The U.S. State Department has made a determination approving a possible Foreign Military Sale to the Government of the United Kingdom of AGM-179 Joint Air-to-Ground Missiles (JAGM) for an estimated cost of $957.4 million. The Government of the United Kingdom has requested to buy three thousand (3,000) Joint Air-to-Ground Missiles (JAGM), AGM-179A. The proposed sale will improve the United Kingdom’s capability to meet current and future threats. The United Kingdom will have no difficulty absorbing this equipment and services into its armed forces. Also included are dummy missiles; technical assistance; publications; integration support; and other related elements of logistics and program support. The principal contractor will be the Lockheed Martin Corporation, Orlando, FL.
The AGM-179 Joint Air-to-Ground Missile (JAGM) is an American military program to develop an air-to-surface missile to replace the current air-launched BGM-71 TOW, AGM-114 Hellfire, and AGM-65 Maverick missiles. The U.S. Army, Navy, and Marine Corps plan to buy thousands of JAGMs. The Joint Air-to-Ground Missile (JAGM) program is a follow-on from the unsuccessful AGM-169 Joint Common Missile program that was cancelled due to budget cuts. JAGM will share basically the same objectives and technologies as JCM but will be developed over a longer time scale. The designation AGM-179 was assigned to the JAGM program. The AGM-179A achieved Initial Operational Capability (IOC) with USMC AH-1Z helicopters in early 2022, clearing the weapon for operational deployment.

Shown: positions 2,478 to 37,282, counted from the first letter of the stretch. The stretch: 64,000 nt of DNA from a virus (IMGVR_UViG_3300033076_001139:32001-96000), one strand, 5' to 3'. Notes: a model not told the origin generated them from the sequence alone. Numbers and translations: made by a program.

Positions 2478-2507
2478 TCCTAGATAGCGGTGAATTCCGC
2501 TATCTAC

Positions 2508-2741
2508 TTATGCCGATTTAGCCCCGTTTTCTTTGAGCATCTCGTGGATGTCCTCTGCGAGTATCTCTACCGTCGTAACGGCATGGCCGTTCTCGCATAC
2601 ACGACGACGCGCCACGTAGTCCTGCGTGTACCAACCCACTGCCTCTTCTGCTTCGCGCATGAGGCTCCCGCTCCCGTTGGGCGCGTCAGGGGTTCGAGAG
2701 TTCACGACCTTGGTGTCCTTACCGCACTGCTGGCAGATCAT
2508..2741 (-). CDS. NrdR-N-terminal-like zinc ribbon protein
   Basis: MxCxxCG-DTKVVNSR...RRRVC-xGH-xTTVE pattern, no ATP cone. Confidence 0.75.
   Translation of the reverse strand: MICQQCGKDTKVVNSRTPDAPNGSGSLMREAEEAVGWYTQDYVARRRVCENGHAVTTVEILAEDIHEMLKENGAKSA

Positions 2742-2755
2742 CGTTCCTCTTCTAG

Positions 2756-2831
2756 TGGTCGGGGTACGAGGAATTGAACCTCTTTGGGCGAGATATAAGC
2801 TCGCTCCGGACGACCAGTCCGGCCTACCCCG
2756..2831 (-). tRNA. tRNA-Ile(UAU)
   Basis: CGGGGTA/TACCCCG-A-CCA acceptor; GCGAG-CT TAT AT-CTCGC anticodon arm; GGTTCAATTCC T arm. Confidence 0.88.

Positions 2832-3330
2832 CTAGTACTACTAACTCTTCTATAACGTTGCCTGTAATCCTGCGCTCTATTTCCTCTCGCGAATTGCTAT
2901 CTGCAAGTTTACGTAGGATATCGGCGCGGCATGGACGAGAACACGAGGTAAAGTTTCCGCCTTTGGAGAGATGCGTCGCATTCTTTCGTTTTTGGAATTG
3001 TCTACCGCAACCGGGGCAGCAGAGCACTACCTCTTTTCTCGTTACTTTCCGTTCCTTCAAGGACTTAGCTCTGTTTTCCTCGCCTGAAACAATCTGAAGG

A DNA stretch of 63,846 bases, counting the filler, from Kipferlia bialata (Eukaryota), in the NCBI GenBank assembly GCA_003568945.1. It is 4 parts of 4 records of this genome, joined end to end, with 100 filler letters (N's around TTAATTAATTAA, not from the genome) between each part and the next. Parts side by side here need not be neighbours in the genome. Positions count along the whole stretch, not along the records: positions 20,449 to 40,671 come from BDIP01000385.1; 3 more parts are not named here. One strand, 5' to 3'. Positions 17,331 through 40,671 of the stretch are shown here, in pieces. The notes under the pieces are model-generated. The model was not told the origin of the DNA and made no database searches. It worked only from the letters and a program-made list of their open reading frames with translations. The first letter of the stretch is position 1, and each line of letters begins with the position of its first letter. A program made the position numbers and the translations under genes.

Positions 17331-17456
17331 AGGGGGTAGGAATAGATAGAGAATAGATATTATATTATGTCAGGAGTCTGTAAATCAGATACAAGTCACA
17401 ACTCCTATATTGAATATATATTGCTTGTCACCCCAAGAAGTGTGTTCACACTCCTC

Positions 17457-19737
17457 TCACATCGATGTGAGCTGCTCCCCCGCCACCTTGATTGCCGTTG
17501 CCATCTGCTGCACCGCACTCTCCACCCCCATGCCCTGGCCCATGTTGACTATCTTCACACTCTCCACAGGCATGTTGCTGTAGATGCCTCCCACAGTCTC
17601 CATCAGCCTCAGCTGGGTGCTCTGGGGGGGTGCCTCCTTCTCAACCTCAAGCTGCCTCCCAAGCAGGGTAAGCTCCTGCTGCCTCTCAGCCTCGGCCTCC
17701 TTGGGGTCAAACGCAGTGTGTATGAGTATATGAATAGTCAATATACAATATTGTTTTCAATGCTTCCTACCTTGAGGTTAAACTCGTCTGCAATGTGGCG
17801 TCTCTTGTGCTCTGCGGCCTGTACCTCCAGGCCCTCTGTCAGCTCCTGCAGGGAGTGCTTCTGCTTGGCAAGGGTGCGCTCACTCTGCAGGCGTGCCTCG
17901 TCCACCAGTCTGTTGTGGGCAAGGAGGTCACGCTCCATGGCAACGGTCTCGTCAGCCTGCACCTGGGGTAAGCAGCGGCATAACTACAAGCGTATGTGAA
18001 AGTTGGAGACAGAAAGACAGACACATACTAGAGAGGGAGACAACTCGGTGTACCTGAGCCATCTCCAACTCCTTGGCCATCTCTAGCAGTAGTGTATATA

JAGM demonstrated adequate lethality against heavy and light armor, structures, personnel in the open, maritimetargets, and classified counterinsurgency targets. The height of burst is higher than expected when engaging personnel in the open and appears unrelated to surrounding objects or vehicles. The new terminal trajectory angle resulted in improved hit point selection and lethality against maritime targets. Preliminary assessment indicates JAGM lethality as fired from AH-1Z against multi-room structures is comparable to legacy HELLFIRE. The Navy did not demonstrate lethality against personnel behind a triple-brick wall due to a problem with fuse delay timing. Correction of the timing should result in JAGM lethality at least equal to that of HELLFIRE.
On 30 August 2022, the JAGM was declared ready for full-rate production. 1,000 missiles had been produced by February 2022, manufacturing at the minimum sustainment rate under low-rate production. Improvements to the JAGM are being developed, such as a medium-range variant with a range of 16 km (10 mi) without changing the missile’s dimensions. On 16 November 2022, Lockheed Martin flight tested the JAGM-Medium Range, or JAGM-MR, which traveled 16 km. The version also incorporates a tri-mode seeker adding an imaging sensor, which was originally a requirement for the missile but was dropped due to cost factors; it was added back in the JAGM-MR as seeker technology became more affordable. Lockheed claims the upgraded capability can be provided at a cost close to the baseline JAGM.